Orla Fallon of Celtic Women and friends will perform at the Boulder Theater, Boulder CO, Saturday March 26 at 3:00PM. “Orla Fallon is a singer / harpist who comes from the village of Knockananna in Co.Wicklow, Ireland. Since leaving Celtic Woman at the end of 2008, “rla has been charting a solo path that includes her very own American Public Television special ” seen on both Rocky Mountain PBS and Colorado Public Television (formerly KBDI Channel 12) this December. Reserved Seating: $33.50 $38.75 (includes Boulder seat tax and fac) Boulder Theater Information Call Celtic Events at 303-777-0502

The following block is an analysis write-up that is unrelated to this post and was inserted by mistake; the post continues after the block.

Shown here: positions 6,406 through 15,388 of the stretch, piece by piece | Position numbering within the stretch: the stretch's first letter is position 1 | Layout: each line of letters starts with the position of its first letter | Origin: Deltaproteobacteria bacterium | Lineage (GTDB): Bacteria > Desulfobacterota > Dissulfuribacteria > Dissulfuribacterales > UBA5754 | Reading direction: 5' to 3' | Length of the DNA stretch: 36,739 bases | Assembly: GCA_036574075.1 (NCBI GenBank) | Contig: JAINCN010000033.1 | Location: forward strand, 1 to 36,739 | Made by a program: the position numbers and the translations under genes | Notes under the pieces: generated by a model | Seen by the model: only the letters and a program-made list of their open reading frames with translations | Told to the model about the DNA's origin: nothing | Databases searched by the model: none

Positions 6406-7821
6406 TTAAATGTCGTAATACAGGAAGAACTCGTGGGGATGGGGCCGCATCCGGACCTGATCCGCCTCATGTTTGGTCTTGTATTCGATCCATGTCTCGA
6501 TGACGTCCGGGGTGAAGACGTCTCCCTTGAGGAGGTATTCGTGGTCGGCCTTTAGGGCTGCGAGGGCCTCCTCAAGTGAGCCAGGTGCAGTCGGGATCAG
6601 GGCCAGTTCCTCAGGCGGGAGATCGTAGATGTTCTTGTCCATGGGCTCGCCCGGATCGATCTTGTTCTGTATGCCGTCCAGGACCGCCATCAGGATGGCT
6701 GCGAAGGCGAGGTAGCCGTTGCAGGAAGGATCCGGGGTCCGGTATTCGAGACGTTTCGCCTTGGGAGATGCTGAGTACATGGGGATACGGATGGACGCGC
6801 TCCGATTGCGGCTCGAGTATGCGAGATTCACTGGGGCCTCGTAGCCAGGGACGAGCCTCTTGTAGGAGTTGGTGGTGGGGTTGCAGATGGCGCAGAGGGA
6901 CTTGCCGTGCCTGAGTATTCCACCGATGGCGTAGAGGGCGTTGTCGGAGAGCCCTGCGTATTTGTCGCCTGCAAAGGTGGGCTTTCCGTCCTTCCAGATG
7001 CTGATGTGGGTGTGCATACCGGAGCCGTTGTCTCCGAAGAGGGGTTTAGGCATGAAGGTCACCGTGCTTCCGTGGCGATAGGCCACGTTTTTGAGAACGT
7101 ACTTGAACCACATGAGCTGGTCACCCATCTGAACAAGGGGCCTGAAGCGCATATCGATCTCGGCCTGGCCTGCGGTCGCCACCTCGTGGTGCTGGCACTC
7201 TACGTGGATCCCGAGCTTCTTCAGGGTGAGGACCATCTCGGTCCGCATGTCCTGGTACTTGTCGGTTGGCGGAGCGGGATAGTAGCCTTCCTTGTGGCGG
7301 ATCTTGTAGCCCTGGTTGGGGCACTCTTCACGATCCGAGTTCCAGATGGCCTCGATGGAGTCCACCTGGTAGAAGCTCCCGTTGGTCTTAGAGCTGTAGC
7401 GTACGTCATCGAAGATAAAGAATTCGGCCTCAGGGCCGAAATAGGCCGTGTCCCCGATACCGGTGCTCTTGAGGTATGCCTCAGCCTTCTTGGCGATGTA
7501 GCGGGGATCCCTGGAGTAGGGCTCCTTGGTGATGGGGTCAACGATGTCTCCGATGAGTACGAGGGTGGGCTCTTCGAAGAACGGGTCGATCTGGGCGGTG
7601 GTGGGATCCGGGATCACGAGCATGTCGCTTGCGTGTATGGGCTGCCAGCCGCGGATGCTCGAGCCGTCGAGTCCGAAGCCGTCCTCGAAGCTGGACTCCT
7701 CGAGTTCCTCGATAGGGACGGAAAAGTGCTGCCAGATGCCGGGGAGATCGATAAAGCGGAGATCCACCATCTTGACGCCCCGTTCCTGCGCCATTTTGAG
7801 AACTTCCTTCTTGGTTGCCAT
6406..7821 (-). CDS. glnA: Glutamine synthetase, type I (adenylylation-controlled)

For over 40 years, Walt Conley was a presence on the Denver and national folk and Irish music scene. After college graduation, Walt made the decision to follow his musical muse instead of answering the schoolhouse bell and entering the teaching profession. Walt”s first big splash in the music business came with his headlining of the Folk Song Festival at Exodus, recorded in 1959 at Denver”s Exodus Folk Club; second on the bill was Judy Collins. From sharing his house with a young Bob Dylan to first booking the Smothers Brothers into Denver”s Satire Lounge, for years Walt played a roll in promoting folk music in Denver. After years of performing on the road and appearing in several movies, Walt “retired” to his hometown of Denver and opened Conley”s Nostalgia”a folk and Irish music club. With the closing of his club, Walt continued performing Irish music on a regular basis with his band Conley and Company at The Sheabeen Pub until his untimely death from complications of diabetes in November 2003. According to his bio on, he once responded to the question of “What made a black man become a singer of Irish rebel songs”? with the profound answer, “If the band U2 from Ireland can sing American blues, then I sure as hell can sing Irish folk songs!” As far as Walt is concerned, singing Irish songs is just another phase in his long and successful folk singing career. Each year on the anniversary of his death, Walt”s former band mates and friends gather at the Sheabeen Irish Pub, 2300 S. Chambers, Aurora, CO, to pay tribute to a great friend and raise money for the American Diabetes Association. This year they will gather Friday, November 19, 8:pm. Music will be performed by Juice O”The Barley, Michael Collins Pipe Band pipers, and unannounced guests. (Information from Bill O”Donnell, one of Walt”s former bandmates, and